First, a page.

As a youngster growing up in Austria, Rudi Sodamin would stand by his mother’s side in the family kitchen. He not only liked the smell and taste of food, he liked how it looked.
To him, the colorful ingredients were like paint that an artist could use for an edible masterpiece. “Food is the paint of our lives,” he said. “Food is art.”
At a pre-Seatrade Cruise Global lunch aboard the Holland America Eurodam in Fort Lauderdale this week, Sodamin shared some of his culinary expertise. Not only did my lunch feature delicious cuisine prepared by Holland America’s Culinary Council, it also was served on Sodamin’s exclusive limited-edition plates made by Bernardaud, the leading French manufacturer of Limoges porcelain.
Each large white plate charger is decorated with a Food Face that the culinary pop artist has created. Mine was titled “Rudi’s Catch” and had facial features composed of fish, shrimp and other tasty ingredients.
On board Holland America Line ships, guests who dine in Rudi’s Sel de Mer restaurant can enjoy dining on these special plates. Currently available on the Amsterdam, Eurodam, Niew Amsterdam, Oosterdam, Westerdam and Zuiderdam, the restaurant is scheduled to be rolled out across the fleet this summer. Dinner costs $49 per person.
How the Food Faces all started, Sodamin said, was several years ago when the chef was playing around in his kitchen. Feeling whimsical, Sodamin made a simple happy face on his plate with some edible components.
“It made me smile,” he remembered. “So, I began making face plates with meals for other people and the response was always the same – it made people happy.”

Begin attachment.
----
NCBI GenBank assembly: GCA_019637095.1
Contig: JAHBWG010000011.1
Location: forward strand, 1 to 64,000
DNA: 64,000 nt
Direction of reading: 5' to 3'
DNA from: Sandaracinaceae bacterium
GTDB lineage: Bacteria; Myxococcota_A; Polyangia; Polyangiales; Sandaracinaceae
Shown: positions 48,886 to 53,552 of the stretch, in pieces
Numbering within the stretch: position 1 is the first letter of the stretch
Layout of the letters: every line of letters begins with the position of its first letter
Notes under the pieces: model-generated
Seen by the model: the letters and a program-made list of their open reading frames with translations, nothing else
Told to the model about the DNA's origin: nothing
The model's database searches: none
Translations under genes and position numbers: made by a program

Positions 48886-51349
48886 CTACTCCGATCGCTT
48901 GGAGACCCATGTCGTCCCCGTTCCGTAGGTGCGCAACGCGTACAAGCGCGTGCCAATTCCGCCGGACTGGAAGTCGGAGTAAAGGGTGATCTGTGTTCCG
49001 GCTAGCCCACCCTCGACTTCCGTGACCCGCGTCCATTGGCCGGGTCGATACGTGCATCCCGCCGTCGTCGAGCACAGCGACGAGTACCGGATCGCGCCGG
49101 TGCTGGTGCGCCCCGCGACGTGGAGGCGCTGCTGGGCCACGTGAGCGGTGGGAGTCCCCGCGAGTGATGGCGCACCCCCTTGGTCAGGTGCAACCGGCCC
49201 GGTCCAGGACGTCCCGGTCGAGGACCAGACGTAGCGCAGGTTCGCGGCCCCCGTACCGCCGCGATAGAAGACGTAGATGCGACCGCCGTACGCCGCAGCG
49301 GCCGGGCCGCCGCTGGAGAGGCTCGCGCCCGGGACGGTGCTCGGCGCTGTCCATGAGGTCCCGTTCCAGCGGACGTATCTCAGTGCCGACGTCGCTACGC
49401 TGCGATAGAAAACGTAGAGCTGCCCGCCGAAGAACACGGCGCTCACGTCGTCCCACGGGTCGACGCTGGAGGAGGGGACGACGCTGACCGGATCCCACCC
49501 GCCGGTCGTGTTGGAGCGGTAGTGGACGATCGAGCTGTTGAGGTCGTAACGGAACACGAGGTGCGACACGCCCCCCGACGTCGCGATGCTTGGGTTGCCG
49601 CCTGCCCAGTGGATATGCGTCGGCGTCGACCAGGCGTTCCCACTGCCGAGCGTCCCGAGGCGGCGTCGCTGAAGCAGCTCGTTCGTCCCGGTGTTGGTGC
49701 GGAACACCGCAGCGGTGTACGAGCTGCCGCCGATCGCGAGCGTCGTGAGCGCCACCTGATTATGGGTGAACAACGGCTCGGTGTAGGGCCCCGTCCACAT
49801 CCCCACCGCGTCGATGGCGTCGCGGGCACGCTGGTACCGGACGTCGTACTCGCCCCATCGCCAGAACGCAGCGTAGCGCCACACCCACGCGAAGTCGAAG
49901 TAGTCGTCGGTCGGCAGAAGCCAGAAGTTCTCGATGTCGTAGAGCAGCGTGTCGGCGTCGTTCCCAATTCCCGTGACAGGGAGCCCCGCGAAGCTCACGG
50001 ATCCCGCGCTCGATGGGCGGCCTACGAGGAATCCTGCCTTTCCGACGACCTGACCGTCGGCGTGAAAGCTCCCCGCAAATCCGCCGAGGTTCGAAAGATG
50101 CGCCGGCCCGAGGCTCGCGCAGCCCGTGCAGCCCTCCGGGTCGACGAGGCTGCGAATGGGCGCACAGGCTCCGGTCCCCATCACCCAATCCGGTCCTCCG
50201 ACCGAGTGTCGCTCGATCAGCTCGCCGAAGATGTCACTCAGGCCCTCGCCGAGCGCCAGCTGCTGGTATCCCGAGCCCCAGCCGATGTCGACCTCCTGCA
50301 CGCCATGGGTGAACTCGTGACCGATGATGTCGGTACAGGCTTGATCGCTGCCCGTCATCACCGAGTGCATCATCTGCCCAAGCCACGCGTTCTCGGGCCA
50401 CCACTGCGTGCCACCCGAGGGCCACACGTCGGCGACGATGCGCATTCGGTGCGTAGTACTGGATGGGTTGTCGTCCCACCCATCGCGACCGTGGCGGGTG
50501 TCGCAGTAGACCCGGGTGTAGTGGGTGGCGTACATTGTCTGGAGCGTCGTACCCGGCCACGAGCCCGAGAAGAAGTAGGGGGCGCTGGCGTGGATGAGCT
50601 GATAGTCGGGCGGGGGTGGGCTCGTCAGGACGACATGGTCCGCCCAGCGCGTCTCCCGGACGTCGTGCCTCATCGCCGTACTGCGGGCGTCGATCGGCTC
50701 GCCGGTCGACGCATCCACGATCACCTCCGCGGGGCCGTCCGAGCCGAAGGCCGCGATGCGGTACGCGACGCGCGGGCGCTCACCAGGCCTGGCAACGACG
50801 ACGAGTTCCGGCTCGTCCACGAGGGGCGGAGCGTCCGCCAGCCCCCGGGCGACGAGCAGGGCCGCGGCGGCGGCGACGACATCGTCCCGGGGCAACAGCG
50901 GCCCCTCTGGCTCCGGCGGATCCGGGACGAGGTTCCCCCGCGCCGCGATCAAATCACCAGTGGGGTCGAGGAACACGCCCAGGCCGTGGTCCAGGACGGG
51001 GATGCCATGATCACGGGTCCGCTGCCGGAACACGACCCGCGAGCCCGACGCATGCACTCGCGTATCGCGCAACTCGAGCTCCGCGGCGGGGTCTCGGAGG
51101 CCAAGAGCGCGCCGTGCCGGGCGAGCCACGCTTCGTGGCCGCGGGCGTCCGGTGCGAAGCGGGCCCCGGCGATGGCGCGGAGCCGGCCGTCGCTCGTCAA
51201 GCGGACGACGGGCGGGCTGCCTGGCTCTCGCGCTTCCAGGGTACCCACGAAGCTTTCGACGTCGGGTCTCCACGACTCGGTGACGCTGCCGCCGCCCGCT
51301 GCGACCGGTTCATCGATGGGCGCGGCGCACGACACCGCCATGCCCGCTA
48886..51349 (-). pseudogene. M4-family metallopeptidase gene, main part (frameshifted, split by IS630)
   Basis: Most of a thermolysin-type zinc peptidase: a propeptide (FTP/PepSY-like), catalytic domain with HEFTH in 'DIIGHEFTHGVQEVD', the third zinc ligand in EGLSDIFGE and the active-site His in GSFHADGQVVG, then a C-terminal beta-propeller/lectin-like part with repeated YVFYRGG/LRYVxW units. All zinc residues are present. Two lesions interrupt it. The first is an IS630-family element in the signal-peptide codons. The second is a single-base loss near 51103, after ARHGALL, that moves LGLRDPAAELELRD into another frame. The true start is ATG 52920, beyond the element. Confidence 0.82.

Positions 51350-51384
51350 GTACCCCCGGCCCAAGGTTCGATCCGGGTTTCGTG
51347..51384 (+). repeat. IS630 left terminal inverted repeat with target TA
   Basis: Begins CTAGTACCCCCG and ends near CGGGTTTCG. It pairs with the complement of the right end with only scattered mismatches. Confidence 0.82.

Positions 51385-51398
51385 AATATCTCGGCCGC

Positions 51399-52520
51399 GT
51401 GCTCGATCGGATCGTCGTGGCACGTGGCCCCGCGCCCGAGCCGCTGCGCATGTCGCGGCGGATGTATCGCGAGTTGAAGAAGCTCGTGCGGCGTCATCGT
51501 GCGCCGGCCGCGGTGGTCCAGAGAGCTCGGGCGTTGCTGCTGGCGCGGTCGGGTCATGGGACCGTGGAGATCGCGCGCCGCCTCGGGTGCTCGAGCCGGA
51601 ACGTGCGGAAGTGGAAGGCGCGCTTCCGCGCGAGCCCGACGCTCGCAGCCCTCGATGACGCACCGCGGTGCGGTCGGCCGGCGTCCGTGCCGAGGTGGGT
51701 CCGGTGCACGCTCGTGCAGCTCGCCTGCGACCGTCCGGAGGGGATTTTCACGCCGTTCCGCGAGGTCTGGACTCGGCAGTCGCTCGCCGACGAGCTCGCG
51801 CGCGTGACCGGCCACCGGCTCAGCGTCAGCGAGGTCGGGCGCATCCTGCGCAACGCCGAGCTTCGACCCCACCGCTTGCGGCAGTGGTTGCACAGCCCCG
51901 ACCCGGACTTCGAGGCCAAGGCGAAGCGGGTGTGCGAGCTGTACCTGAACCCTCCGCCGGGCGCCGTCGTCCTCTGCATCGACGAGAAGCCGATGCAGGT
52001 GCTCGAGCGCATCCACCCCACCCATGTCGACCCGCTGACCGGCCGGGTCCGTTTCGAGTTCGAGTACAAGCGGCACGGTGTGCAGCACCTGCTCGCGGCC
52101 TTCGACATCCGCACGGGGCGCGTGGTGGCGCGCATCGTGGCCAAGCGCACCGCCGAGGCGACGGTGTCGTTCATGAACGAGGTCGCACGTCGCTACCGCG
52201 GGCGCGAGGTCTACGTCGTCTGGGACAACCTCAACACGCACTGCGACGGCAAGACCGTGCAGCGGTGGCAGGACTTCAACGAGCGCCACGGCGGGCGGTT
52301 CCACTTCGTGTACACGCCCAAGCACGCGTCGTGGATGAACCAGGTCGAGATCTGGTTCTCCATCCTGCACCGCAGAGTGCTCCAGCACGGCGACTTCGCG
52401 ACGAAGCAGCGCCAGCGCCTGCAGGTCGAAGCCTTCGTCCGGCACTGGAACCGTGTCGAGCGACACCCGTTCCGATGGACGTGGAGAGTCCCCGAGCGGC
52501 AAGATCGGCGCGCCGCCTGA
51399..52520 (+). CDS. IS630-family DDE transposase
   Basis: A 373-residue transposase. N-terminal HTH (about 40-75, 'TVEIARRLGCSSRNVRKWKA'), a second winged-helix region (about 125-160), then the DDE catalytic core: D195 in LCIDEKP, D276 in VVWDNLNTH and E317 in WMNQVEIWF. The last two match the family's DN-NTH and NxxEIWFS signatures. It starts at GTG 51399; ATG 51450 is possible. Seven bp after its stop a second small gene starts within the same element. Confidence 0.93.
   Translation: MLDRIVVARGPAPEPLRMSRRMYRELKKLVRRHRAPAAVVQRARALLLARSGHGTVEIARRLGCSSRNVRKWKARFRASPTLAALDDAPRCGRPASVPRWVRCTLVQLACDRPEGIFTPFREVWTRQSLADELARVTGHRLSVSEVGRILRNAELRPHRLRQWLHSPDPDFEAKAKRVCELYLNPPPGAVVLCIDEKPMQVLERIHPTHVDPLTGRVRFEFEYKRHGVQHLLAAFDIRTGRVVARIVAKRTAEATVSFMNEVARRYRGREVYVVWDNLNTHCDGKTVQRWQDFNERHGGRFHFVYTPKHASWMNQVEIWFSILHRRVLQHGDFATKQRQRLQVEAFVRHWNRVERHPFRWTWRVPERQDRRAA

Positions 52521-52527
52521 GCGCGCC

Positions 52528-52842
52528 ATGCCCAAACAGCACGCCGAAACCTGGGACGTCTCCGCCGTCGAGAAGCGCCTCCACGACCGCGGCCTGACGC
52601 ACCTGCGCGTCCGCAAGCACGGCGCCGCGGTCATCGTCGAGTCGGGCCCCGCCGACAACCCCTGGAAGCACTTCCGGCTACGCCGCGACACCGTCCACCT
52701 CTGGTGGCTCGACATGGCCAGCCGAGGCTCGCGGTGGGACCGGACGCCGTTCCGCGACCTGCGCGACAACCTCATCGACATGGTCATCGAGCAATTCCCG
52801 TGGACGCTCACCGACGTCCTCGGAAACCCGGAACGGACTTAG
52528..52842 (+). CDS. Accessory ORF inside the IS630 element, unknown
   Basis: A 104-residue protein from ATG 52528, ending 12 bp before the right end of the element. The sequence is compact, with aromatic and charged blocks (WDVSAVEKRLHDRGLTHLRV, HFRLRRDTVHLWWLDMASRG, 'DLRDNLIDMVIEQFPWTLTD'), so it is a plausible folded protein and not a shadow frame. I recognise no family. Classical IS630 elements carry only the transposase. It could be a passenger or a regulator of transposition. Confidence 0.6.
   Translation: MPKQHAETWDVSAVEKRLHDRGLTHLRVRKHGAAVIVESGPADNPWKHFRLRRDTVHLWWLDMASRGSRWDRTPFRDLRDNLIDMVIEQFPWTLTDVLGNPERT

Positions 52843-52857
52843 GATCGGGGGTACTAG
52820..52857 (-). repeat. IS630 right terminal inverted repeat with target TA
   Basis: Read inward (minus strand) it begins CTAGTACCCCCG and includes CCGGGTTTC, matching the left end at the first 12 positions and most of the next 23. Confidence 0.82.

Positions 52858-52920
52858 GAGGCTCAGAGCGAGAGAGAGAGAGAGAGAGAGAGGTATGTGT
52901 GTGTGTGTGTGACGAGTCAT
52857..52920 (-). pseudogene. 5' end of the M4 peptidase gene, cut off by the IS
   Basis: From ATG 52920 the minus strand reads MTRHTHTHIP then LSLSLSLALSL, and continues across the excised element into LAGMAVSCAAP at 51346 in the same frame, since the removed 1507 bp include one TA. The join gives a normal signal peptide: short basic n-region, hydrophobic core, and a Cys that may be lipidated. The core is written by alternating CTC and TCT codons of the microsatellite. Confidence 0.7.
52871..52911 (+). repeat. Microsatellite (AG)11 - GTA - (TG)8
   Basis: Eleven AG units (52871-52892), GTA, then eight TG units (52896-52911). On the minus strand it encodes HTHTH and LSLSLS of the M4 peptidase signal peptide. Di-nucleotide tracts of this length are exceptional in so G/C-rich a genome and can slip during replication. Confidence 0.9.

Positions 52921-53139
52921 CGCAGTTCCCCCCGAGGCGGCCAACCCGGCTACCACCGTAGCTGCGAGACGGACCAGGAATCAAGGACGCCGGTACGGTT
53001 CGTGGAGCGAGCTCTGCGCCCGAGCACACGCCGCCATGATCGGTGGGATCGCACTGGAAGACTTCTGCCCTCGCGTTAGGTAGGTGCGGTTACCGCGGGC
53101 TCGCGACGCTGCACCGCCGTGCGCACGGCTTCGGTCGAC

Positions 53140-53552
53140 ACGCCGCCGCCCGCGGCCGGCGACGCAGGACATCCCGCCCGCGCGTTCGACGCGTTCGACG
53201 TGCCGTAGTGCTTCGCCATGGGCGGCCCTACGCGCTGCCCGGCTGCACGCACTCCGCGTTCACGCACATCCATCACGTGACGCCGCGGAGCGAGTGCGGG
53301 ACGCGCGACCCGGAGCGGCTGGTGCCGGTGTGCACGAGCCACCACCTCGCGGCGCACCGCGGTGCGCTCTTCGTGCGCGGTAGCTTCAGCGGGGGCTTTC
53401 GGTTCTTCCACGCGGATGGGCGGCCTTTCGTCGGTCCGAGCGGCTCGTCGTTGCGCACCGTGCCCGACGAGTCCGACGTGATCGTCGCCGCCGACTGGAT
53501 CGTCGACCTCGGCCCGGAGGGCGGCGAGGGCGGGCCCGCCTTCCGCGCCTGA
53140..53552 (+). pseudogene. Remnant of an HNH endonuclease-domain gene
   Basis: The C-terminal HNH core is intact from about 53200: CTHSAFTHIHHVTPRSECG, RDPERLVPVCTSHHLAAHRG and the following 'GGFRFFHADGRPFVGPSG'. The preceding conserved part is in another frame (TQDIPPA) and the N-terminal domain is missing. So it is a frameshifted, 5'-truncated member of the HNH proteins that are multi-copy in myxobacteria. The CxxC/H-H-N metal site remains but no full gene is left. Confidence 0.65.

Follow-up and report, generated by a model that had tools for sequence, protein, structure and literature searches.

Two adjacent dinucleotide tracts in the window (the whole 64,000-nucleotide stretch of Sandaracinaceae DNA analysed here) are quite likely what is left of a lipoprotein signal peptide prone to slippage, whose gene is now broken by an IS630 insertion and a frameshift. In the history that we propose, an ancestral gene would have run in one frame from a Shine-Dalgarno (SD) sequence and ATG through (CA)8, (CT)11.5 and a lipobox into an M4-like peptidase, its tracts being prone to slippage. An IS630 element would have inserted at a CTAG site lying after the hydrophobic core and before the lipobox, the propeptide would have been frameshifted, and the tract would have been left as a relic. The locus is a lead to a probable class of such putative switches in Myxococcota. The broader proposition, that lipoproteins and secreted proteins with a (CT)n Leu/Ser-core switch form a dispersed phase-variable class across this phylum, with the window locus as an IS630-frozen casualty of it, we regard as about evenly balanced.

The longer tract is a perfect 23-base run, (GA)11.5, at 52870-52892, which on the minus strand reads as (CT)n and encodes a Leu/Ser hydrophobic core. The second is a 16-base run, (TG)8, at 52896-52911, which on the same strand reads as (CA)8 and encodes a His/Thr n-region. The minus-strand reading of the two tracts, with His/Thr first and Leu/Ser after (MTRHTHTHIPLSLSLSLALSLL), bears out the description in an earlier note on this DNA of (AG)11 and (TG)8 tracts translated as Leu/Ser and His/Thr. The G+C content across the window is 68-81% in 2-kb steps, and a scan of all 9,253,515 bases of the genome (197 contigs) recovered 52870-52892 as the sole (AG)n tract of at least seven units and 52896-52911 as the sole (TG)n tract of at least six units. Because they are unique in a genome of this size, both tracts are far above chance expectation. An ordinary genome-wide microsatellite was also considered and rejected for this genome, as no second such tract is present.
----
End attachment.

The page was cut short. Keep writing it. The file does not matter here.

Pleased with the reaction, Sodamin began making more and more faces, using vegetables, fruit, meat, fish, grain and sweets. Over time, he created a cast of unforgettable characters expressing a whimsical spectrum of human emotions.
“Food is universal,” Sodamin said. Food crosses all ages, languages and cultures. Regardless of gender, nationality, race or social status, food can be an international language that appeals to everyone. People around the world can connect and communicate through food.
To keep track of his Food Faces, Sodamin began photographing them. Before long, Sodamin had hundreds of the unusual Food Faces. “My hobby became an artistic passion.”
Sharing his collection with artists, culinary colleagues and friends around the world, Sodamin was told that he should compile the Food Faces into a book. So he did. His new book is aptly named “Food Faces – 150 Feasts for the Eyes.”
For an artist and a chef, Sodamin said the biggest compliment he can receive is to make someone happy with his food and his art. As he concludes in his book, “It would be hard to enjoy any higher praise.”